In December 2018, the United Nations General Assembly declared 2020 as the International Year of Plant Health (IYPH). The year is a once in a lifetime opportunity to raise global awareness on how protecting plant health can help end hunger, reduce poverty, protect the environment, and boost economic development.

What is plant health?

Why is plant health important?

What aspect of plant health does the International Year of Plant Health (IYPH) focus on?

What are plant pests?

What results are expected from the IYPH?

What can I do?

Key Messages

1. It is risky to bring plants and plant products across borders as this may spread plant pests and diseases.

Ordinary citizens should avoid bringing plants and plant products with them when they travel. They should avoid ordering plants and plant products online or through postal services since packages can easily bypass regular phytosanitary controls.

2. Make trading in plants and plant products safe without setting up unnecessary barriers.

Many countries depend on trading plants and plant products to sustain their economies. Yet trade can quickly spread plant pests and seriously damage native plants and biodiversity. Implementing the IPPC and international standards, as well as enforcing existing phytosanitary legislation, help promote trade while keeping it safe.

3. Keep plants healthy to protect the environment and biodiversity.

Plant pests are one of the main drivers of biodiversity loss. Climate change and human actions have altered ecosystems and created new niches where pests can thrive. When combatting pests, farmers should adopt, and policy makers should encourage the use of, environmentally friendly methods that reduce the use of toxic pesticides, which kill pollinators, natural pest enemies and organisms crucial for a healthy environment.

4. Protect, manage and restore terrestrial and marine environments to keep plants healthy.

Plants can only thrive in a healthy environment. Policy makers at all levels should therefore enact policies to protect, manage and eventually restore natural resources. Ordinary citizens and citizens' groups can take daily actions to reduce their environmental impact and actively engage in initiatives to protect and manage natural resources.

5. Invest in plant health organizations and phytosanitary research and development.

Governments, policy makers and legislators need to prioritize policies and legislation related to preventing, monitoring and reporting pest outbreaks; promoting environmentally friendly pest management measures; and facilitating safe trade. They should empower national and regional plant protection organizations, and similar institutions, and provide them with adequate human and financial resources. The public and private sector should invest more in plant health initiatives, research and innovative technologies.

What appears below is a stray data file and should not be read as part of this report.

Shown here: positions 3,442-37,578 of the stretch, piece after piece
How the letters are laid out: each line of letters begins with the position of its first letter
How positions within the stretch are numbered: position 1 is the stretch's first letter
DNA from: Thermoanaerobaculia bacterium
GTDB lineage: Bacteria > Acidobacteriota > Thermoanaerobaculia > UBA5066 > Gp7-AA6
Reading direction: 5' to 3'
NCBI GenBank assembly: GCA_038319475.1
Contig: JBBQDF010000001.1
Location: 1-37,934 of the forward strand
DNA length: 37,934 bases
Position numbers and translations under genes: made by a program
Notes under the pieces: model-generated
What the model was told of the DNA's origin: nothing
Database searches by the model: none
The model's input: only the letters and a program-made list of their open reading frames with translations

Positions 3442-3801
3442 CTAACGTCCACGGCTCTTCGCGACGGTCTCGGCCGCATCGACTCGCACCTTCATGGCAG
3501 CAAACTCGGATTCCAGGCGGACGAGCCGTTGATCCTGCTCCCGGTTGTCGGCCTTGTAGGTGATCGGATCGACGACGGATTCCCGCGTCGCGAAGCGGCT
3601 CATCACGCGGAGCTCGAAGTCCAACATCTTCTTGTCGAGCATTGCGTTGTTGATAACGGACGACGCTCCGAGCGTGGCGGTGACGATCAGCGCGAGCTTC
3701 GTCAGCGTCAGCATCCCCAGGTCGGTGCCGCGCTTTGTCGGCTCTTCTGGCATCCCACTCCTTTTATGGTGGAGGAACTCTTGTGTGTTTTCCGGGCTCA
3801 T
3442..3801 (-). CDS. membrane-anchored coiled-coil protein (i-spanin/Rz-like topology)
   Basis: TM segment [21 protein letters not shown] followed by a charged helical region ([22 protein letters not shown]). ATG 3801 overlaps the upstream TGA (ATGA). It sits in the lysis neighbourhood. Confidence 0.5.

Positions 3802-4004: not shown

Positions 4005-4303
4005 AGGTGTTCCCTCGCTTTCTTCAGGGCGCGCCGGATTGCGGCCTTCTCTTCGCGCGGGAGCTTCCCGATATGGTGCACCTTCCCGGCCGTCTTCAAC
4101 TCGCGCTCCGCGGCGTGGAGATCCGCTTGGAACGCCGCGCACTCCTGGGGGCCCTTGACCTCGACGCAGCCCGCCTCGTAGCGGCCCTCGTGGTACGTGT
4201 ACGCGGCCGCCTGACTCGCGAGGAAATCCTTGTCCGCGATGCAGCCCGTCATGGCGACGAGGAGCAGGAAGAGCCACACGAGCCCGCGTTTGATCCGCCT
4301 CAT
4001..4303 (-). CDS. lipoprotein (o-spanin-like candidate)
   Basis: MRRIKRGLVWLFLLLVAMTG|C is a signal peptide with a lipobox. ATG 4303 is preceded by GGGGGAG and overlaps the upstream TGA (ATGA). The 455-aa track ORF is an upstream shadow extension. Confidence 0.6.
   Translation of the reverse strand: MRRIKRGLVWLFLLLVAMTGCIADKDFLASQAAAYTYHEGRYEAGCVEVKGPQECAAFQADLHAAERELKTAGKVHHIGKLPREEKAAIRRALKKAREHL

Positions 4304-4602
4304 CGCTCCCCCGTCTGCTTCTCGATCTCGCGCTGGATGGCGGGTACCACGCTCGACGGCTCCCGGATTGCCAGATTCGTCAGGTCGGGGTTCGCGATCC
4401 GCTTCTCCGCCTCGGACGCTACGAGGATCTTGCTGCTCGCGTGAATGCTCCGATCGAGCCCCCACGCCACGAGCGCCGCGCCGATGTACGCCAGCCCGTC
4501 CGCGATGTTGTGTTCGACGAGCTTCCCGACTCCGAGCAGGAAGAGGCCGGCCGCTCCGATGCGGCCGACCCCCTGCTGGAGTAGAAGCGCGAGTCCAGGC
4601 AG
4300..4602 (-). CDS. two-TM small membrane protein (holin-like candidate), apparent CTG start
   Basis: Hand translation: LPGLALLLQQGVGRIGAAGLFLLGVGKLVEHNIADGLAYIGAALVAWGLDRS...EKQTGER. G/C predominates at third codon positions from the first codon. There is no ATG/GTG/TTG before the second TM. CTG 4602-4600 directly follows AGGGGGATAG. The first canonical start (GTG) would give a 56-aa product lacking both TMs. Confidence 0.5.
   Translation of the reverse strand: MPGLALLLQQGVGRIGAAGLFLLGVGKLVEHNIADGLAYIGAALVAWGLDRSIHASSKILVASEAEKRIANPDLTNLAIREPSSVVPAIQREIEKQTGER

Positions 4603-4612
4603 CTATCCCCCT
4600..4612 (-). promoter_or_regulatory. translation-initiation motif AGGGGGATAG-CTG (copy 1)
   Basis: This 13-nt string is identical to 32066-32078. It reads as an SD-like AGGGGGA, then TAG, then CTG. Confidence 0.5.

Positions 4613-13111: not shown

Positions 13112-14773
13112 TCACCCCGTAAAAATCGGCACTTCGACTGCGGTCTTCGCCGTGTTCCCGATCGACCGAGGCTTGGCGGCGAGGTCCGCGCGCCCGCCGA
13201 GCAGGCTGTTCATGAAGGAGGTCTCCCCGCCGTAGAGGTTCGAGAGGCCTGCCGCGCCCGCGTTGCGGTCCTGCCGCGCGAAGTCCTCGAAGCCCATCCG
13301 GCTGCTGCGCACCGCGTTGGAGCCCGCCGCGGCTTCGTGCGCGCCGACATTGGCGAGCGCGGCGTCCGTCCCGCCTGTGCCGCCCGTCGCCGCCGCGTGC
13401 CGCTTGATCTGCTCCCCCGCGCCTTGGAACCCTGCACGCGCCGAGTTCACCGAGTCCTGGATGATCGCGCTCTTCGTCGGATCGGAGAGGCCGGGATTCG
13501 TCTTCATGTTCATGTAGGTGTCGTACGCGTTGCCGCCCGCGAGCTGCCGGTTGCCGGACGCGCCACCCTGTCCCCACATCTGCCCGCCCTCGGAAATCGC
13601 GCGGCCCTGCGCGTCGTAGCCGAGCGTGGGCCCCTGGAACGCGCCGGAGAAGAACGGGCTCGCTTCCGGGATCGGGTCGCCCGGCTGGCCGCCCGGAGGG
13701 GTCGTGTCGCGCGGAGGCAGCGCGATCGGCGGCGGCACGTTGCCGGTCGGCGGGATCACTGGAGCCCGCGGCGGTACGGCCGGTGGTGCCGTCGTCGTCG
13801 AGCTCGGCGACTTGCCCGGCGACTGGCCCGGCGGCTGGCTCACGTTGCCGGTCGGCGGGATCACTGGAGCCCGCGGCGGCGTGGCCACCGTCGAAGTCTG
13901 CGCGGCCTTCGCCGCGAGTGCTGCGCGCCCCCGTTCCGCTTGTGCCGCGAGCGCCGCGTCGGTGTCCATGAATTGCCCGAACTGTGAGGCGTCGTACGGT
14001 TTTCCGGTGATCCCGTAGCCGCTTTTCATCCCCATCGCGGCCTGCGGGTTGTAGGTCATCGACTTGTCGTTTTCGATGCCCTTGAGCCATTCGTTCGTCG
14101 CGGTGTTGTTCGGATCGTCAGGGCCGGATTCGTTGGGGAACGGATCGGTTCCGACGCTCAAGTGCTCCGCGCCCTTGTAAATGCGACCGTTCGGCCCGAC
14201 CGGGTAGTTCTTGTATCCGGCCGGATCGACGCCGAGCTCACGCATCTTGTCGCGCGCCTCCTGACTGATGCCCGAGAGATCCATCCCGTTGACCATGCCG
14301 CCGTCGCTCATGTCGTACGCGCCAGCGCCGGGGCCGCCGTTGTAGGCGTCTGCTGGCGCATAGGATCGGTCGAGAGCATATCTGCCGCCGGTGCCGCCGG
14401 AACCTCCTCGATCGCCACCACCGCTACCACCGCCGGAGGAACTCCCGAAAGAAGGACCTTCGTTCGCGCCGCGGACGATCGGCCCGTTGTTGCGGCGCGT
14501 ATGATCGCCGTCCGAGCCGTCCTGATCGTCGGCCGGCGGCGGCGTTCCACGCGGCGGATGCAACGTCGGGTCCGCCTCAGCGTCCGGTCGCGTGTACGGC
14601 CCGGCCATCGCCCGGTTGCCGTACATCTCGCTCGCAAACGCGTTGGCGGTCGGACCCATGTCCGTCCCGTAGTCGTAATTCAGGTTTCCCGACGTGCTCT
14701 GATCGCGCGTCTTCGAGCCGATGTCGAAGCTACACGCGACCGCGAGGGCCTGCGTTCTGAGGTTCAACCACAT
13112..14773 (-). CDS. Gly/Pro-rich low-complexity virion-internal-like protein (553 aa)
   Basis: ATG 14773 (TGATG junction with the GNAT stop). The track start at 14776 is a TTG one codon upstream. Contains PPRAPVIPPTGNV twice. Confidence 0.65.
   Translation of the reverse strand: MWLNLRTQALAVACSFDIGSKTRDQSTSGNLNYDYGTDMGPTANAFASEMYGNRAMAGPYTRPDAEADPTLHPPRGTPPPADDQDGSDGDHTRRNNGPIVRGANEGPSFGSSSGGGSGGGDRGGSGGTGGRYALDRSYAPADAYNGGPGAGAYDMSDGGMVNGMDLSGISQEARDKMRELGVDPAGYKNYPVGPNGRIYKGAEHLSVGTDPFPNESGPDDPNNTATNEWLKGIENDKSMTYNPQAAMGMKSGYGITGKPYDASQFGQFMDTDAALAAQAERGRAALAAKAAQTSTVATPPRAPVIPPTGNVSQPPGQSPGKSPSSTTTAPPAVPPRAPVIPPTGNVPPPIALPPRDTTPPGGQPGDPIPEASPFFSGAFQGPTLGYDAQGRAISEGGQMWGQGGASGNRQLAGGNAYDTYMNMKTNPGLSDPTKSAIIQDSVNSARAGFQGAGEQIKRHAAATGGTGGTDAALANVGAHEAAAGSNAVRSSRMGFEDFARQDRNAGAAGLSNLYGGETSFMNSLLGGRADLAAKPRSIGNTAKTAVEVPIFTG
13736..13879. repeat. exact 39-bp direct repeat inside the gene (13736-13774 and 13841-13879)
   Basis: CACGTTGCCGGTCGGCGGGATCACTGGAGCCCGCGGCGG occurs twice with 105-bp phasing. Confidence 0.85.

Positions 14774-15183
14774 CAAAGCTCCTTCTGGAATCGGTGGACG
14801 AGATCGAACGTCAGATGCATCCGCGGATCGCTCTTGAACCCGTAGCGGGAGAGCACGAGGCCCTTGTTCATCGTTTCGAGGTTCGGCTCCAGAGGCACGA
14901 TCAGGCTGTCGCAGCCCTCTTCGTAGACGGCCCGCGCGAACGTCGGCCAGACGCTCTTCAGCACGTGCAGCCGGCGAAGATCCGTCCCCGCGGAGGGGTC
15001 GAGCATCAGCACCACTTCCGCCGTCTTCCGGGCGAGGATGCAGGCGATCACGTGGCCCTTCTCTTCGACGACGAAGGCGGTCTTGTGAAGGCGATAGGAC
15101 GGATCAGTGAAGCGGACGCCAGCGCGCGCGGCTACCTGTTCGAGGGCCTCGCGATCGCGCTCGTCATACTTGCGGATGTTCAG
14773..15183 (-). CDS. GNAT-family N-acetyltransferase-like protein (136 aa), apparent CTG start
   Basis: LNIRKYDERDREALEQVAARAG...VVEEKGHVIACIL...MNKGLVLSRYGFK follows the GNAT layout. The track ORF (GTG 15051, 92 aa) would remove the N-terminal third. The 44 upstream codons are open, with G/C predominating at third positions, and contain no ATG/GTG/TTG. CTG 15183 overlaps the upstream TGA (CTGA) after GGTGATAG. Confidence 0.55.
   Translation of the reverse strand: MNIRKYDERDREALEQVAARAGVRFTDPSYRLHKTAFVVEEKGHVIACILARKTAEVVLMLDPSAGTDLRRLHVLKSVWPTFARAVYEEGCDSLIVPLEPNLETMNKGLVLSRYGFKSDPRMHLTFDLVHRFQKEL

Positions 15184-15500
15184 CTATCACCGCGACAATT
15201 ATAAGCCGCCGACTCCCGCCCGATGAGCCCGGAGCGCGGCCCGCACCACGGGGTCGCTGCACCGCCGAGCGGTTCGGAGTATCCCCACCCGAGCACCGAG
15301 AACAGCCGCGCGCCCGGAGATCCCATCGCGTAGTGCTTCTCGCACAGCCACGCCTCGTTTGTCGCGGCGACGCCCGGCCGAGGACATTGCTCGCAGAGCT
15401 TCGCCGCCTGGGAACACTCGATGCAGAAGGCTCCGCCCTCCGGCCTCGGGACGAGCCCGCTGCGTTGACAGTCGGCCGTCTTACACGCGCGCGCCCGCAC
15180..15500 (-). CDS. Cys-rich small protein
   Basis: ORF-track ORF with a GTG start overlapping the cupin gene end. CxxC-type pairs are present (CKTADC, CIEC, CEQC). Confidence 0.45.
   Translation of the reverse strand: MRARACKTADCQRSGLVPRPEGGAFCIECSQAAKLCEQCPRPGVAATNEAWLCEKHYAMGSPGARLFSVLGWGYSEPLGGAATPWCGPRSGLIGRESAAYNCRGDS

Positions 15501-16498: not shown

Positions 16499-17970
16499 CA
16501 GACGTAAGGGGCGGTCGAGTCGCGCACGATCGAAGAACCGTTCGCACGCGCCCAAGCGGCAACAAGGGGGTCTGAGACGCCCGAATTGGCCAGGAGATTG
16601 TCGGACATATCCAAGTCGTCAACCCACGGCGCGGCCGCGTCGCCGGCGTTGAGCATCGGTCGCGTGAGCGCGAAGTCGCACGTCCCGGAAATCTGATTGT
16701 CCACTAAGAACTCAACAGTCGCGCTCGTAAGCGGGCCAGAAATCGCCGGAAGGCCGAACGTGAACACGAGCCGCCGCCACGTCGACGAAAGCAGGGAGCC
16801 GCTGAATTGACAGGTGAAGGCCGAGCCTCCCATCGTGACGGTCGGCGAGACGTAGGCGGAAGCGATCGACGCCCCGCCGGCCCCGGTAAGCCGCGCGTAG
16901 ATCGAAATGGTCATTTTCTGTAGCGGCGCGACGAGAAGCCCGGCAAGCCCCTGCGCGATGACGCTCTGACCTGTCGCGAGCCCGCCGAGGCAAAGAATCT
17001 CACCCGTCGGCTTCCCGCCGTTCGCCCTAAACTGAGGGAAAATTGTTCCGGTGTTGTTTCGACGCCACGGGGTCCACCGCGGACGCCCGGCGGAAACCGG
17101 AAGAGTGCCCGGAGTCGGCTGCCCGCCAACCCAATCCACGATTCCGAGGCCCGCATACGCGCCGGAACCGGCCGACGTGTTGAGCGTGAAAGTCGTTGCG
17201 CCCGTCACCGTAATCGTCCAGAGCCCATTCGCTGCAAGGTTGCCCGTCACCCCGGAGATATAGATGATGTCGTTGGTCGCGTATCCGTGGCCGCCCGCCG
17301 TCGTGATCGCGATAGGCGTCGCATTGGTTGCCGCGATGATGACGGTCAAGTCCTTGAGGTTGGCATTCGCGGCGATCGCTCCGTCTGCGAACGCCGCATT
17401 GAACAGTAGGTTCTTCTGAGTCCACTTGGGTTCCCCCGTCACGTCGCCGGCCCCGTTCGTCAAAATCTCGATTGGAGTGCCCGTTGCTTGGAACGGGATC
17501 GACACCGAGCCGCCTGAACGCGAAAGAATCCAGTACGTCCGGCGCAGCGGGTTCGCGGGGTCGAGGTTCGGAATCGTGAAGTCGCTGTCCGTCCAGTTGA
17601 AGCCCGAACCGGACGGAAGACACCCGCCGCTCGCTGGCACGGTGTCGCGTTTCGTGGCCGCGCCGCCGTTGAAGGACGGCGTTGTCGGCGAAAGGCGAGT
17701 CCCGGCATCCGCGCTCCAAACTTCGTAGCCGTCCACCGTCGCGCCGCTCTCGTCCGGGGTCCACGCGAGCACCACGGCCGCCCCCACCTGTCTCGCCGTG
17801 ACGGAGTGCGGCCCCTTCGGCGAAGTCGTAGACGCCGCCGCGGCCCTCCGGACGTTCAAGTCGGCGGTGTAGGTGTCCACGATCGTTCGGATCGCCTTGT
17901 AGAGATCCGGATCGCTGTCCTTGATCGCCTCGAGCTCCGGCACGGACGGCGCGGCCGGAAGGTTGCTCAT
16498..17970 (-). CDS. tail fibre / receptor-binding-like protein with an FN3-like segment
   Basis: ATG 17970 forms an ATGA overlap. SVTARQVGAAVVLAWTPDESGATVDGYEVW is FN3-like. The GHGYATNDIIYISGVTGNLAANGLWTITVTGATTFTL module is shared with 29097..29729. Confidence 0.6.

6. Healthy plants are crucial for ending hunger and achieving the Sustainable Development Goals.

Plants make up 80 percent of the food we eat. Yet they are under constant attack from pests which destroy up to 40 percent of food crops every year and are responsible for agricultural trade losses of over USD 220 billion annually.

Plant pests leave millions of people without enough food to eat and negatively affect agriculture - the primary source of income of rural poor communities. Policies and actions to promote plant health are fundamental for reaching the Sustainable Development Goals, in particular those aimed at reducing poverty, hunger and threats to the environment.

7. The Food and Agriculture Organization of the United Nations (FAO) and the International Plant Protection Convention (IPPC) provide guidance and lead global efforts to ensure plant health.

The Food and Agriculture Organization of the United Nations (FAO), the International Plant Protection Convention (IPPC) and their partners are leading the global effort to promote plant health in 2020 and beyond. The IPPC is a global treaty, signed by over 183 countries, that provides a framework for protecting plant resources from pests and diseases. It leads the development of international plant health standards and promotes safe trade among all countries. The FAO is a specialized agency of the United Nations that leads international efforts to achieve food security for all and make sure that people have regular access to enough high-quality nutritious food to lead active, healthy lives.

Key Facts

  • Plants make up 80 percent of the food we eat and produce 98 percent of the oxygen we breathe.

  • Plant pests are responsible for the loss of up to 40 percent of global food crops, and for trade losses in agricultural products exceeding USD 220 billion annually.

  • The annual value of trade in agricultural products has grown almost three-fold over the past decade, largely in emerging economies and developing countries, reaching USD 1.7 trillion.

  • FAO estimates that agricultural production must rise by about 60 percent by 2050 in order to feed a larger and generally richer population.

  • Climate change is having a big impact on plant health. It threatens to reduce both the quality and quantity of crops, leading to lower yields. Rising temperatures are also exacerbating water scarcity, and changing the relationship between pests, plants and pathogens.

  • More plant pests are appearing earlier and in places where they were never seen before due to climate change.

  • Beneficial insects are vital for plant health since they pollinate most plants, keep pests in control, maintain soil health, recycle nutrients, and more. However, 80% of the biomass of insects has disappeared in the last 25-30 years.